A Qubit of Solace: How QKD Systems Defend Against Future Cyberattacks

Every industry is on high alert when it comes to cyber attacks, and rightly so. A cyber attack can halt business, add unexpected costs to mitigate, damage a company’s reputation and more.

Cybercriminals can take many forms: They may steal your credentials; they may pilfer personally identifiable information or they will cut to the chase and directly threaten your bank and investment accounts† And no sector or individual is immune to the threat of a cyber attackbut it seems recently that the focus has been geared toward the financial sector andin particular, on obtaining cryptocurrency.

permanently securing the blockchain has, to date, proven to be unattainable. A recent report from chainalysis on cryptocurrency crime trends found that $14 billion in cryptocurrency was sent to illicit addresses in 2021, nearly double the figure seen in 2020. today, securing networks and customer data traversing those networkswhich increasingly includes blockchain networks, is top of mindHowever, organizations competitively focus on tomorrow’s threats as well† prime among those future threats is the concept of quantum computing attacks.

Qubits Versus Binary: Quantum Computing at a Glance

Quantum computing leverages the principles of quantum mechanics–a world in which particles can exist in more than one state at a timeto solve the most complex problems quicklyFuturist Bernard Marro sums it up best for the layperson

Instead of bits, which conventional computers use, a quantum computer uses quantum bits—known as qubits. To illustrate the difference, imagine a sphere. A bit can be at either of the two poles of the sphere, but a qubit can exist at any point on the sphere. So, this means that a computer using qubits can store an enormous amount of information and uses less energy doing so than a classical computer. by entering into this quantum area of ​​computing where the traditional laws of physics no longer apply, we will be able to create processors that are significantly faster (a million or more times) than the ones we use today.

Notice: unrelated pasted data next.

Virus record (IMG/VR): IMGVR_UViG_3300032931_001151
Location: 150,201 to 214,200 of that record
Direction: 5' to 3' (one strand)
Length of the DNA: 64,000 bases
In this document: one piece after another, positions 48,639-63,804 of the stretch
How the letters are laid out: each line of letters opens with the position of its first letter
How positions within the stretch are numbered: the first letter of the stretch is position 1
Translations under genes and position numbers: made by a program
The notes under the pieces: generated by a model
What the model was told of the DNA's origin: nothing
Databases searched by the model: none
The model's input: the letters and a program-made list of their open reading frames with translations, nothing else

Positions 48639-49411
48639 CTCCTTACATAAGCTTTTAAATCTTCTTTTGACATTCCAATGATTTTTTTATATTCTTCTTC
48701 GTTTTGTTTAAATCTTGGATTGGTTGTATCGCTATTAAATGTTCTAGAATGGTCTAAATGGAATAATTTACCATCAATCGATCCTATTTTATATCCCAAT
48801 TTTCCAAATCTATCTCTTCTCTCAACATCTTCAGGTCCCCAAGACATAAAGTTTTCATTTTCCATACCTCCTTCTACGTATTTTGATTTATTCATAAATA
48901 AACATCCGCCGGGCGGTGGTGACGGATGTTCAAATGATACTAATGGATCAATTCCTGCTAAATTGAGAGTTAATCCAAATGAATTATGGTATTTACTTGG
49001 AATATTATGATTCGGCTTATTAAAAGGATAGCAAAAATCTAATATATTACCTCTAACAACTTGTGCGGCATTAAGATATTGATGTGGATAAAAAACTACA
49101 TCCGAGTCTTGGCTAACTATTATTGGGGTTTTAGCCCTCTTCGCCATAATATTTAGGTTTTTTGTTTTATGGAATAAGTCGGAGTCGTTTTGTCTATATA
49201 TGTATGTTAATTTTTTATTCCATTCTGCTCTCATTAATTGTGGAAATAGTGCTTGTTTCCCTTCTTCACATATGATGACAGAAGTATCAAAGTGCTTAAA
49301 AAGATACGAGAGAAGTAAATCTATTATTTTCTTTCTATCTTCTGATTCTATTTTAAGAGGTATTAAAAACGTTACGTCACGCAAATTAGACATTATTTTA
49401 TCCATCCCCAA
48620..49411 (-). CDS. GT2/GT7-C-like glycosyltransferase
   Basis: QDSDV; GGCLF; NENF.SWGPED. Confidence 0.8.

The financial industry will greatly benefit from quantum computingthere is an abundance of high-complexity financial use cases that can be solved more efficiently and accurately with quantum computing. JP Morgan Chase, for instance, has produced new quantum algorithms for use cases such as portfolio optimization, option pricing, risk analysis and numerous applications in the realm of machine learning, ranging from fraud detection to natural language processing.

On the flip side, quantum cOmputing can also be used to try to break through the most robust of defensesrepeatedly testing a defense in an effort to break through. While full-scale quantum computing is not here yet, it is at least on the foreseeable horizon, and, with it comes the competitor threat or quantum computing attacks. However, with regard to the latter, quantum techniques can also be applied to Help defend against such attacks

The Emergence of QKD

Quantum key distribution (QKD) is a technique for secure communication that enables two parties to produce a shared random key known only to them, which can then be used to encrypt and decrypt messages. QKD is provably secure against an eavesdropper attempting to copy the secret key and since it does not rely on public-key techniques removes many attack threats posed by quantum computers against the key exchange. The QKD security benefits are rooted in the laws of quantum physics.

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